Communication is key for Mary Ann Pianka and Megan Allen, who run the Los Angeles branch of What The Float (WTF), a silent dance party that travels through outdoor public spaces. Pianka and Allen have been organizing outdoor events throughout the pandemic, and they’re making sure to follow CDC guidelines. “We’re outside anyway. Everybody wears a mask. We take guests’ temperature upon arrival. We ask them questions about how they’re feeling.”

With the new CDC guidelines in place, WTF is considering allowing attendees to go maskless at future outdoor events with proof of vaccination and enough room to socially distance, with the possibility of additional masks-on parties for attendees who prefer them.

Throughout the past year, Pianka and Allen have found creative ways to make the evolving health guidelines part of their event by prefacing their parties with a 15-minute activity to demonstrate the expectations for the night. “We’ll have guests do stretches with us,” Allen explains. “It’ll be like, ‘Give me some stretching, show me what six feet apart looks like. Do you have your mask?’ We try to make it fun.”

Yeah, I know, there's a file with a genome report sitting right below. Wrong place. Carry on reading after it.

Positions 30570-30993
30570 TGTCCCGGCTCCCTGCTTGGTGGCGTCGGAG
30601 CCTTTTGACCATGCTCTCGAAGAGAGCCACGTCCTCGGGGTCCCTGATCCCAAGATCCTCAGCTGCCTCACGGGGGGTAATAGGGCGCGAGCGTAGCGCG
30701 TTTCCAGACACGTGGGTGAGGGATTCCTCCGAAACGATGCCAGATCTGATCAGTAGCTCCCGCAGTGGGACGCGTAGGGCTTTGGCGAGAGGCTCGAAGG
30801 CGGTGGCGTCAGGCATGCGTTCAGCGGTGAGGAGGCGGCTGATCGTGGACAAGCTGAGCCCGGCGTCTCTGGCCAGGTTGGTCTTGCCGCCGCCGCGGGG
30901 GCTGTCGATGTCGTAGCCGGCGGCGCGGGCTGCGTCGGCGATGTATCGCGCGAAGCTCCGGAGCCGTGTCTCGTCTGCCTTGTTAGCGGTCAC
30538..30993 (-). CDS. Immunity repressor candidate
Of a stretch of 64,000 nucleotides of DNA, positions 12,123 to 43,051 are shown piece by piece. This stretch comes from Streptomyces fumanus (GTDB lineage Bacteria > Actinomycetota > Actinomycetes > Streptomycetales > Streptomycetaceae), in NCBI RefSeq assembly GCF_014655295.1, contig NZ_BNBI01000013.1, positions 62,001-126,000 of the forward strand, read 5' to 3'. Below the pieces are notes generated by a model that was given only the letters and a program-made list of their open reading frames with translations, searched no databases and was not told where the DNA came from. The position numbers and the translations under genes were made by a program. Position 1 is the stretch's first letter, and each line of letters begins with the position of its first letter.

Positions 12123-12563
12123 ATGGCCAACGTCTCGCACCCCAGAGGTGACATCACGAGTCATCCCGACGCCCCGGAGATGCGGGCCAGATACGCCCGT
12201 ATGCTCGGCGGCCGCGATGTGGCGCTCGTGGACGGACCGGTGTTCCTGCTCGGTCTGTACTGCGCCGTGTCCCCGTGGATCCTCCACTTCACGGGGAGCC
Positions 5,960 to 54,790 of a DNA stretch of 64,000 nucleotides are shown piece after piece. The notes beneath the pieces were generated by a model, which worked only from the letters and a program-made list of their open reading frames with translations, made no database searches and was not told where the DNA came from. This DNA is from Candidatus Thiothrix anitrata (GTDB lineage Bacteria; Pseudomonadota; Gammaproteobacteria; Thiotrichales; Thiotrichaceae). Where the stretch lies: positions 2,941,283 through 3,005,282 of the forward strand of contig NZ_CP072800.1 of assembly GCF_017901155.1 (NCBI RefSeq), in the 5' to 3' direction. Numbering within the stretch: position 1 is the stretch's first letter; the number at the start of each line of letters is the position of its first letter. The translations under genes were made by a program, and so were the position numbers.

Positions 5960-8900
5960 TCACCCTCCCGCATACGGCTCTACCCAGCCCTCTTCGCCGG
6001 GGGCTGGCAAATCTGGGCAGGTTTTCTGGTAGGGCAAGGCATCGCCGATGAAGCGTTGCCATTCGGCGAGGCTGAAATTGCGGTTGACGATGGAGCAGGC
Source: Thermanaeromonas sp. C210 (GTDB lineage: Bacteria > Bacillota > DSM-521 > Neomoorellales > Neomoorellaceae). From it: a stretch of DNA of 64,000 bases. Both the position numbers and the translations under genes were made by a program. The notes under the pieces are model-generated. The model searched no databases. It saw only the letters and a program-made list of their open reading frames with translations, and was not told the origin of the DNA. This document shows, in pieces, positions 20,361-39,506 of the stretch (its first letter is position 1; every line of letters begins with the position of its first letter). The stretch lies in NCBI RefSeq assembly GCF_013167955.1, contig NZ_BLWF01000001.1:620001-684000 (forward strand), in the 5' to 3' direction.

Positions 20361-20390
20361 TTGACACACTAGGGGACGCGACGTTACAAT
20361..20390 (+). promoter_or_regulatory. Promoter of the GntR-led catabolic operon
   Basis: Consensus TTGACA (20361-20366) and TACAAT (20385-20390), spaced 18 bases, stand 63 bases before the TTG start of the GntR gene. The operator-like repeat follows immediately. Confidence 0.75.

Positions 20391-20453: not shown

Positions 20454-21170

Don’t: Avoid confrontation for the sake of being a “good” host.

Do: Be prepared to talk to guests who aren’t following the rules. 

Let’s say you’re hosting a masks-on gathering and one of your friends shows up mask-free. What do you do? 

Swann advises not to make any statements or comments in front of others; rather, the host should take the guest into a private area to have a quiet conversation. “You could say something like, ‘I’d prefer for everyone to continue wearing their mask. Is this something you think you’d be able to do while you’re here?’” This way, Swann notes, you’re putting the decision-making power in the guest’s hands as to whether or not they want to stay or go.

Pianka notes that hosts should anticipate making tough decisions if needed. “It’s important for guests to know that they are going to run into some rules,” she says. “And it’s all about making sure those rules are stated clearly and being prepared to lay down the law politely if necessary.” 

Don’t: Avoid the vaccination conversation, but don’t feel entitled to knowing everyone’s medical history, either.

Do: If you feel comfortable, ask your guests if they want to share their vaccination status prior to the party.

Checking your guests’ vaccination status could be sticky territory, so make sure you feel comfortable asking the question first. One option, as Swann notes, is to add a vaccination status question on your invitation in order to put the power in your guest’s hands. “Your invitation could say, ‘We want to create a remarkable experience for you at our event. In order to plan accordingly, if you are comfortable sharing, we’d like to know whether or not you are vaccinated.’ Then give the options YES, NO, and, I’D RATHER NOT SAY.” But Swann adds that hosts must be prepared to handle any answer they might receive. “It would be impolite to invite a person to your event and then uninvite them.”